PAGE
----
Oil on Canvas – 30” x 34” – 76 x 87 cm
I have always admired Lewis Carroll’s marvelous books ‘Alice in Wonderland’ and ‘Through the Looking Glass’ and I’ve often wanted to paint a picture based on an incident in one of these stories. I decided to illustrate the section where Alice meets the caterpillar because as far as I can tell no one has ever made a definitive version of this subject. Asides from Sir John Tenniel’s original illustrations I know of two other artists who have made excellent drawings based on the Alice stories, they are Arthur Rackham and Mervyn Peake, however their depictions of the scene with the caterpillar are disappointing. This is partly because Carroll has set up a situation that is almost impossible to illustrate – a caterpillar sitting on a mushroom with folded arms smoking a hookah, but caterpillars don’t sit they crawl, so creating a realistic image is not easy.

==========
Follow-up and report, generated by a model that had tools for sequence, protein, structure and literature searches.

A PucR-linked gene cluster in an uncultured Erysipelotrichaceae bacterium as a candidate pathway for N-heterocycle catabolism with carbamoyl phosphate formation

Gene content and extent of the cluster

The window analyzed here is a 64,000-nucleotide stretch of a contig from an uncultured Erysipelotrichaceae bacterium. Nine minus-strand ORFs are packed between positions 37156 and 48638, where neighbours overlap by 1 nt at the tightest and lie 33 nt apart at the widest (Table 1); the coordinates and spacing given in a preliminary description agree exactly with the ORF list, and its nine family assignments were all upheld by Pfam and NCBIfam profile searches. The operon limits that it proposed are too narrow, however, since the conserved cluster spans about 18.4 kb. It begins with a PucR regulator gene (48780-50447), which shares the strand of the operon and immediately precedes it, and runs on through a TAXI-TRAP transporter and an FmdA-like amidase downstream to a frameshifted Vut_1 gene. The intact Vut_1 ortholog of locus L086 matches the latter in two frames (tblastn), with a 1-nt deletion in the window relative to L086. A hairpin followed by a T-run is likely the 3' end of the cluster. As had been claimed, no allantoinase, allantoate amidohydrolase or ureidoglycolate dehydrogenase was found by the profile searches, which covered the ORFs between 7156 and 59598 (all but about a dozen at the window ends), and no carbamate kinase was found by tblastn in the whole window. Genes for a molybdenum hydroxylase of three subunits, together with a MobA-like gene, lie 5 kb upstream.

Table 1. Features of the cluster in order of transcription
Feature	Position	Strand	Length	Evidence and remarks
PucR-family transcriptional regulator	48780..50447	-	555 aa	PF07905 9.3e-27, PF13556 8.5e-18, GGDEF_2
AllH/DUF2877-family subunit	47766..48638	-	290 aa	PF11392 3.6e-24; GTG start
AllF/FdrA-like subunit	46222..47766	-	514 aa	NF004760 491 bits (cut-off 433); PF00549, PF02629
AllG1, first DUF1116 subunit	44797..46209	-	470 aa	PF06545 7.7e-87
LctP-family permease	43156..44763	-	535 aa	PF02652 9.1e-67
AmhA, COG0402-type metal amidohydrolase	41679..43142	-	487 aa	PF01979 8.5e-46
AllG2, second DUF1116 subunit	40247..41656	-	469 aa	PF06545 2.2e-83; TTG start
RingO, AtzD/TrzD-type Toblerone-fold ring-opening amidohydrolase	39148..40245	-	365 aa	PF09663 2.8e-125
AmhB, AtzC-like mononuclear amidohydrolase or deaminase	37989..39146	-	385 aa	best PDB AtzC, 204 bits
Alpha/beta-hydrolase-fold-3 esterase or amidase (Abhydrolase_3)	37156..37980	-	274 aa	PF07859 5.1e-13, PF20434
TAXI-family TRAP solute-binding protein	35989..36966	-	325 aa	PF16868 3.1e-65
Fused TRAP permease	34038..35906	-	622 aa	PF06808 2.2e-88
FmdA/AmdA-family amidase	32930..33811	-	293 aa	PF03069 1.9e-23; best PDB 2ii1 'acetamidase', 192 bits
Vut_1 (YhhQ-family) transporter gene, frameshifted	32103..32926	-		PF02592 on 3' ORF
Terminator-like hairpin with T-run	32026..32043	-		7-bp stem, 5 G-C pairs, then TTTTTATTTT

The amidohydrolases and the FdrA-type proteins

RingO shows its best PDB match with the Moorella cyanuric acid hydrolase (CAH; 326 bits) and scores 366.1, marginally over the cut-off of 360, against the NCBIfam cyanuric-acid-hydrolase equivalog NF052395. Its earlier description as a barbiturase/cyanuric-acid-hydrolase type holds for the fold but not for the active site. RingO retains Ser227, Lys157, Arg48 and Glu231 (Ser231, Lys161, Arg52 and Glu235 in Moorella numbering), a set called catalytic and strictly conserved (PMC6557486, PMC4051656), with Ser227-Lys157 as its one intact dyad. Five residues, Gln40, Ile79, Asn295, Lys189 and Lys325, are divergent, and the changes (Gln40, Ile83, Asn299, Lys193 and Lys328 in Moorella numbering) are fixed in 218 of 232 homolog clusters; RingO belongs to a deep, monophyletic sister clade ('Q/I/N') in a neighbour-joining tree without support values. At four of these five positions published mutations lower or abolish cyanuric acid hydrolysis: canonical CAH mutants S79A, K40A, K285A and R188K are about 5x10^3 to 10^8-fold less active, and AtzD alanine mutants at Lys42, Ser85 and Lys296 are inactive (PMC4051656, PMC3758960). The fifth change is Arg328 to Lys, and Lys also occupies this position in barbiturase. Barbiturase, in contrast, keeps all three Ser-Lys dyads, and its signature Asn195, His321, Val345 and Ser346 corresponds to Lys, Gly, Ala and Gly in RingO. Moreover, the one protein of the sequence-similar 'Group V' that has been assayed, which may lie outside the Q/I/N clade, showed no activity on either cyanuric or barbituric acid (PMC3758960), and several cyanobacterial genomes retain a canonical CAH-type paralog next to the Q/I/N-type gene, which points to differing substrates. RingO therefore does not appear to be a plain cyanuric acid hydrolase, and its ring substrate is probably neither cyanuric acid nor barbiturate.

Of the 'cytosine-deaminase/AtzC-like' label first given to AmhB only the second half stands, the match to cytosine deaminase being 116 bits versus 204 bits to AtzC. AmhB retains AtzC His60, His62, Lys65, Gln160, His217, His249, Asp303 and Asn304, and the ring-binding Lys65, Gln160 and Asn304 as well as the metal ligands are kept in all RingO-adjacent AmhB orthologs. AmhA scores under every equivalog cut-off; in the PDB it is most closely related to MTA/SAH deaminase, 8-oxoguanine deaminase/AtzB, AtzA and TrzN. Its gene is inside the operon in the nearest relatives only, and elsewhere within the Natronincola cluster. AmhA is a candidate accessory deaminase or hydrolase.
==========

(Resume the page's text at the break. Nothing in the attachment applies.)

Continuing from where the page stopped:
Before I get into a discussion on the pictorial development of this picture I’d like to briefly discuss the content of these books. ‘Alice in Wonderland was published in 1865 during the Victorian era. The 19thcentury was an age when notions of childhood began to be developed and many books were written with children in mind. Most of these were of a moralizing nature but not so with ‘Wonderland’. Carroll cleverly sends up this kind of literature, for example he presents us with a hilarious version of Robert Southey’s poem ‘You are old Father William’. Alice in seven years old in the story and this is a time when most children first begin to take notice of the adult world. And what a world, to a child’s mind the activities of the grownups must seem utterly mad. So in ‘Wonderland’ Alice finds herself in a strange mad world, she is constantly being contradicted, told off and ordered about yet she seems unperturbed by the curious goings on. She is polite and well mannered throughout. So I think that Carroll is trying to help children deal with the world that they are growing up in. In order to achieve this he uses humour, absurdity and fantasy. His writing is very imaginative as Alice finds herself having to negotiate all kinds of bizarre situations and as if this isn’t enough she keeps changing her size. When Alice meets the caterpillar she is only three inches tall and what’s more she can’t even remember her name.